Orl. Speak you so gently? Pardon me, I pray Jaq. It is my only suit;

you : Provided, that you weed your better judgments I thought that all things had been savage here; Of all opinion that grows rank in them,

And therefore put I on the countenance That I am wise. I must have liberty

Of stern commandment : But whate'er you are, Withal, as large a charter as the wind,

That in this desert inaccessible, To blow on whom I please; for so fools have: Under the shade of melancholy boughs, And they that are most galled with my folly, Lose and neglect the creeping hours of time; They most must laugh: Ănd why, sir, must they so? | If ever you have look'd on better days; The why is plain as way to parish church : If ever been where bells have knolld to church; He, that a fool doth very wisely hit,

If ever sat at any good man's feast; Doth very foolishly, although he smart,

If ever from your eye-lids wip'd a tear, Not to seem senseless of the bob: if not,

And know what 'tis to pity, and be pitied; The wise man's folly is anatomiz'd

Let gentleness my strong enforcement be: Even by the squandering glances of the fool. In the which hope, I blush, and hide my sword. Invest me in my motley; give me leave

Duke S. True is it that we have seen better To speak my mind, and I will through and through days; Cleanse the foul body of the infected world, And have with holy bell been knotl'd to church; If they will patiently receive my medicine. And sat at good men's feasts ; and wip'd our eyes Drike S. Fie on thee! I can tell what thou of drops that sacred pity hath engender'd: would'st do.

And therefore sit you down in gentleness, Jaq: What, for a counter, would I do, but good? And take upon command what help we have,

Duke S. Most mischievous foul sin, in chiding sin: That to your wanting may be ministred. For thou thyself hast been a libertine,

Orl. Then, but forbear your food a little while, As sensual as the brutish sting itself;

Whiles, like a doe, I go to find my fawn, And all the embossed sores, and headed evils And give it food. There is an old poor man, That thou with license of free foot hast caught, Who after me hath many a weary step Would'st thou disgorge into the general world. Limp'd in pure love; till he be first suffic'd,– Jaq. Why, who cries out on pride,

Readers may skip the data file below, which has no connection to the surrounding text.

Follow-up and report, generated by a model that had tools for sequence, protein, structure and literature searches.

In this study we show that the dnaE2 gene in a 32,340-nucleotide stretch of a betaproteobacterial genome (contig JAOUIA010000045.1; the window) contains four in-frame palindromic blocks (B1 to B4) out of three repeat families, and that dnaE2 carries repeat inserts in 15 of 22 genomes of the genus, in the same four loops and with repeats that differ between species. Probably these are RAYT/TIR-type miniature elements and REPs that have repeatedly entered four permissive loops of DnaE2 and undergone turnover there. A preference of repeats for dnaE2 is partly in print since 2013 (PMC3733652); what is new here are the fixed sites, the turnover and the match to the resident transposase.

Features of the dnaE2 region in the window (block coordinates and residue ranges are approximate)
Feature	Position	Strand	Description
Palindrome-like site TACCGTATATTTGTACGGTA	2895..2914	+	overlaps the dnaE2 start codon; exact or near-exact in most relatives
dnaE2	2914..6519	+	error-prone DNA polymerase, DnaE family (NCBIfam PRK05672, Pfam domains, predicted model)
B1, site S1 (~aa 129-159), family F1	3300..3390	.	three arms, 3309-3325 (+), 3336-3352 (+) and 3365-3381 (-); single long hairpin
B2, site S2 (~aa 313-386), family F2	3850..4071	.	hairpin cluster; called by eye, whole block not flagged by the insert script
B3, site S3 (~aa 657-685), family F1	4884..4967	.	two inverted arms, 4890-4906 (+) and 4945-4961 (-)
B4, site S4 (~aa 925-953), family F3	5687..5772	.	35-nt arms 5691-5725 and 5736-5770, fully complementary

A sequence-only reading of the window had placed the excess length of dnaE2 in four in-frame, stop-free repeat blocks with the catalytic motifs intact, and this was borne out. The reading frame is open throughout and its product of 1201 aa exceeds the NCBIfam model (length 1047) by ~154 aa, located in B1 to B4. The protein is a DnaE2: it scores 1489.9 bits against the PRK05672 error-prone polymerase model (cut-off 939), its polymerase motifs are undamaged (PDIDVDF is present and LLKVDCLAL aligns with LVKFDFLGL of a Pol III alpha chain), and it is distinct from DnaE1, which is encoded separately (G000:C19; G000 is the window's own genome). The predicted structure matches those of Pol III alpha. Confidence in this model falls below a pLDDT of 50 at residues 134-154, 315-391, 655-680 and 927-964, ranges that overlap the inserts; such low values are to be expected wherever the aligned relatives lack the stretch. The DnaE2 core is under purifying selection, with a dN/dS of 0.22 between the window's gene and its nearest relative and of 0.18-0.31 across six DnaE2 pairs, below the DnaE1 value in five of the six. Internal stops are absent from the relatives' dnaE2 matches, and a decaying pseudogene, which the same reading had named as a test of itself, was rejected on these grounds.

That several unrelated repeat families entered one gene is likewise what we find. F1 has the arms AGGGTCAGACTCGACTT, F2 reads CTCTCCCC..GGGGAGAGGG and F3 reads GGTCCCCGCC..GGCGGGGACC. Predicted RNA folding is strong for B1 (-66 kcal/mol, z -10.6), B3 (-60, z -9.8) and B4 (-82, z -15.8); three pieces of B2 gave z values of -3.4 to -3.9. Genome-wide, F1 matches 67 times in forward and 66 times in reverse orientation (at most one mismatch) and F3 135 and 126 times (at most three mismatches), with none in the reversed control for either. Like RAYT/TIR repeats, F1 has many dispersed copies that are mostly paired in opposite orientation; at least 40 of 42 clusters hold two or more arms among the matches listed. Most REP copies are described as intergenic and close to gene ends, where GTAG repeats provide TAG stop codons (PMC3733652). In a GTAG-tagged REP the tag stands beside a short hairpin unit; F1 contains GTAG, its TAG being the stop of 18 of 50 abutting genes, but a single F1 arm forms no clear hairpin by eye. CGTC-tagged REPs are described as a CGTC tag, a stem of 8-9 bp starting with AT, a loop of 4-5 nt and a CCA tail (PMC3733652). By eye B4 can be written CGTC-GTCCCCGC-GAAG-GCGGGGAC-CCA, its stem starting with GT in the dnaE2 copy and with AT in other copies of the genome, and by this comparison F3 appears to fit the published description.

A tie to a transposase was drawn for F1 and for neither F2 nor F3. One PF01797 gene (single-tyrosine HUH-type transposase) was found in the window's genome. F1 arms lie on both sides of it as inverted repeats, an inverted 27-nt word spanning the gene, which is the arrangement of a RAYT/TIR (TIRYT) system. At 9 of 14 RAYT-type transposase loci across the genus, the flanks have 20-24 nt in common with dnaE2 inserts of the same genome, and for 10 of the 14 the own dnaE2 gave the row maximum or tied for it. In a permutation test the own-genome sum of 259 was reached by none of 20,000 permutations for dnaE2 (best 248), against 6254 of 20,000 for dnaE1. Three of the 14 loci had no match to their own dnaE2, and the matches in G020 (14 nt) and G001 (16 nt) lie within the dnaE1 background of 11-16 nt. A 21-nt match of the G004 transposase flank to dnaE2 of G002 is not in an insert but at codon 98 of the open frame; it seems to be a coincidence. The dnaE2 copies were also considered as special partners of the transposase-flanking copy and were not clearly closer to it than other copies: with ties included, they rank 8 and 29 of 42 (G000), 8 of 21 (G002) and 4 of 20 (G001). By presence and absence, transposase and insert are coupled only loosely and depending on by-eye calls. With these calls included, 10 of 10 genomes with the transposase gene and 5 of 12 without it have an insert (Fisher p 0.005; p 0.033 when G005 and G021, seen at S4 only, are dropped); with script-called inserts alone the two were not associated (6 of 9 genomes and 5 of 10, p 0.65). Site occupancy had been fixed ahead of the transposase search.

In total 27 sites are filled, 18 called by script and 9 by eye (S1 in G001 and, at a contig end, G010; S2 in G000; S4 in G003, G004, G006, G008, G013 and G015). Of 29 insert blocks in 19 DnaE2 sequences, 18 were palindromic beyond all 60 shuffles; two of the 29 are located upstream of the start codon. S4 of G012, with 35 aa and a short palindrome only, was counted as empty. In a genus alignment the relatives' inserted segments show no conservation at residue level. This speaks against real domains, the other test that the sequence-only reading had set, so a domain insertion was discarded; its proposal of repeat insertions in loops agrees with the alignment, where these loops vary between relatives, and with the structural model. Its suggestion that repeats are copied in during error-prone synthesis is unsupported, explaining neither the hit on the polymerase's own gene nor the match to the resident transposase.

Oppress'd with two weak evils, age and hunger, That can therein tax any private party?

I will not touch a bit. Doth it not flow as hugely as the sea,

Duke S.

Go find him out, Till that the very very means do ebb?

And we will nothing waste till you return. What woman in the city do I name,

Orl. I thank ye; and be blessed for your good When that I say, The city-woman bears


(Exit. (1) The fool was anciently dressed in a party, (2) Finery. (3) Well brought up. coloured coat.

(4) Good manners

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Duke S. Thou seest, we are not all alone un || As you have whisper'd faithfully, you were ; happy :

And as mine eye doth his effigies witness This wide and universal theatre

Most truly limn'd, and living in your face, Presents more woful pageants than the scene Be truly welcome hither: I am the duke, Wherein we play in.

That lor'd your father: The residue of your fortune,

All the world's a stage, Go to my cave and tell me.--- Good old man,
And all the men and women merely players : Thou art right welcome as thy master is :
They have their exits, and their entrances ; Support him by the arm.-Give me your hand,
And one man in his time plays many parts, And let me all your fortunes understand. (Exe.
His acts being seven ages. At first, the infant,
Mewling and puking in the nurse's arms;
And then, the whining school-boy, with his satchel,
And shining morning face, creeping like snail

Unwillingly to school: And then, the lover;
Sighing like furnace, with a woful ballad SCENE I.-A room in the palace. Enter Duke
Made to bis mistress' eye-brow : Then, a soldier; Frederick, Oliver, Lords, and attendants.
Full of strange oaths, and bearded like the pard,

Duke F. Not see him since? Sir, sir, that can-
Jealous in honour, suddenl and quick in quarrel,

not be : Seeking the bubble reputation Even in the cannon's mouth : And then, the justice ; I should not seek an absent argument

But were I not the better part made mercy, In fair round belly, with good capon lin'd,

Of my revenge, thou present: But look to it; With eyes severe, and beard of formal cut,

Find out thy brother, wheresoe'er he is; Full of wise saws and modern2 instances,